natural-color feedsack quilters used in the ‘30s is
easily distinguished from muslin by its coarser weave.)
White-on-white and cream-on-white prints are a creation of
the 1990s, as is the fashion for using unbleached muslin.
piecing, and embellishment
applique in antique/vintage quilts was limited to a tiny
straight stitch. Singer introduced its first home zigzag
machine in the 1940s; a zigzag attachment was available
before then, but the way it worked limited its use to
straight lines - no fancy shapes. So machine satin or
blanket stitching, and particularly machine-embroidered
embellishment, is a repro "red flag".
of a repro Double Wedding Ring are
usually square, or wider than they are tall (fewer
segments per arc), while in authentic vintage
quilts they are usually rectangular, and taller than
they are wide (more segments per arc).
antique/vintage counterparts, 1990s manufactured quilts
are often embellished with inexpensive, Chinese-made lace
or Battenberg lace medallions. (You can buy your own at
any craft store for about a dollar apiece.)
because the batting is cotton and the quilting's by hand,
you've got an oldie; manufacturers abandoned poly batting
some years back. Carefully look at the quilting
instead. Vintage/antique quilts were
densely quilted for two reasons: to decorate the quilt,
and to keep the batting in place. Before polyester and
needlepunched cotton batting appeared in the late 20th
century, rows of quilting could not be much more than an
inch apart, or the batting would clump up the first time
the quilt was washed. And (even more than today),
quilters prided themselves on small, even stitches.
A quilter with the skill and patience to piece a Double
Wedding Ring or Blazing Star top would not skimp when she
did her quilting; her stitches would be plentiful, fine
and even - 8 to 14 stitches per inch. Mass-produced quilts
are also hand quilted, but quite sparsely, and commonly
contain as few as 4 stitches per inch.
quilts are finished in three ways: with a separate binding
(particularly on curved-edge quilts); by wrapping the
backing around to the front or vice-versa; or (rarely)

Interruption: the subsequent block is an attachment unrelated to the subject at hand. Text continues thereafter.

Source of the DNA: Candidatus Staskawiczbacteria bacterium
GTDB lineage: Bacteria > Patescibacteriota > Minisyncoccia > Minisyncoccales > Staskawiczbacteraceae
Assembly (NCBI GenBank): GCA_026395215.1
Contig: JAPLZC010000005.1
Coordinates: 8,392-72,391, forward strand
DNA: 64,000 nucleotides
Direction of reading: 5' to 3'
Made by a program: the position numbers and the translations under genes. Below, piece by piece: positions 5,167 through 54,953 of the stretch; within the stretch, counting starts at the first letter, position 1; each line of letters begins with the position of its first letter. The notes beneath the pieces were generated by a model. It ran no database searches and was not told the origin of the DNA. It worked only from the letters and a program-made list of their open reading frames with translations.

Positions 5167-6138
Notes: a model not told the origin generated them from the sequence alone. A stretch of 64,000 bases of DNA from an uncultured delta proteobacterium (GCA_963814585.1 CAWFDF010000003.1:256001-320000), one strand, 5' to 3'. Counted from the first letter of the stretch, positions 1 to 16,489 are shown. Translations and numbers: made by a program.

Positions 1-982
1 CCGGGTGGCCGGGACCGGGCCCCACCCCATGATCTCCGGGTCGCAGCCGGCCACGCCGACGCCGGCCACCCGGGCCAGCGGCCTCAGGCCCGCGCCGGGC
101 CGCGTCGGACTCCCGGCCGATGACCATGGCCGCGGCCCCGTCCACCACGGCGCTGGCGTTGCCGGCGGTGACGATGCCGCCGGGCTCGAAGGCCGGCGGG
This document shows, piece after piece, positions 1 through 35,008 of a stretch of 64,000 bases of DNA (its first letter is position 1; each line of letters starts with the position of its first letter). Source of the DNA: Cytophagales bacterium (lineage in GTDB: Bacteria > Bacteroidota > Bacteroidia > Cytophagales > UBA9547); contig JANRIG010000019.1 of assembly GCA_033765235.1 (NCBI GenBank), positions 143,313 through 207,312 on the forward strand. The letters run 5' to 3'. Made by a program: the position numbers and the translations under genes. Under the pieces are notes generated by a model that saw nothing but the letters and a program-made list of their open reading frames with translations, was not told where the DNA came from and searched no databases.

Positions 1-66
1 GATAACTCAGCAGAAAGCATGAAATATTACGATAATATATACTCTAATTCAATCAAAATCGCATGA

with a "knife" edge, folding under the raw edges
of the front and back and invisibly stitching them
first two finishes can be done at home by hand or
machine, but because the edge of the quilt is
finished after it's removed from the
quilting frame, a "knife" edge on a
homemade quilt can be done only by hand.
manufactured quilt has machine-sewn
"knife" edge. Note the symmetrical
placement of "scraps" in the
mass-produced quilt's arcs, and how those pieces
are more square than rectangular.
"Knife" edge on mass-produced 1990s
quilt is closed by machine. Right: 1930s
quilt has hand-whipstitched
"knife" edge is the most common finish
on mass- produced quilts. The top, backing
and batting are assembled right sides together
like a pillowcase and machine stitched.
1930s quilt has separate pink binding and many
rectangular segments in each arc. Below:
Another 1930s quilt whose green backing is
brought around to the front as binding
better mass- produced quilts have been
appearing with what at first glance looks
like a separate binding on their edge.
Look closer and you'll see it's actually
piping inserted into a knife edge. Home
quilters virtually abandoned piped edges
more than 160 years ago.
Coordinating pillow shams are a common
part of a mass-produced quilt package, but
rare in antique and vintage quilts. If
your shams close with a zipper
(particularly a plastic one), be wary, and
check for serged seams on the inside.
Both say "manufactured."
laugh. I’ve seen more than one
person convinced she had a vintage
original until she found the stub of a
fiber-content or manufacturer’s label in
the binding. Keep in mind, though, that
the absence of a stub doesn’t mean
it’s vintage; it may have been very
thing is then turned right-side out, and
the opening is stitched up, almost always
by machine. Then the quilt is hand-
quilted - exactly the reverse of how a
homemade quilt is made. Usually the
manufacturer puts a row of quilting about
1/4" from the knife edge to keep it
in place. This is another
edge on a manufactured quilt made from
'30s repros. Above, natural
muslin back is machine-stitched to green
print top. Left, coarse hand
quilting 1/4" away from quilt edge
(at right of picture) keeps it in place. Below,
close examination of the front and
back of this high-end mass-produced quilt
show that what at first glance looks like
a homemade binding is really bias-covered
piping inserted into the knife edge.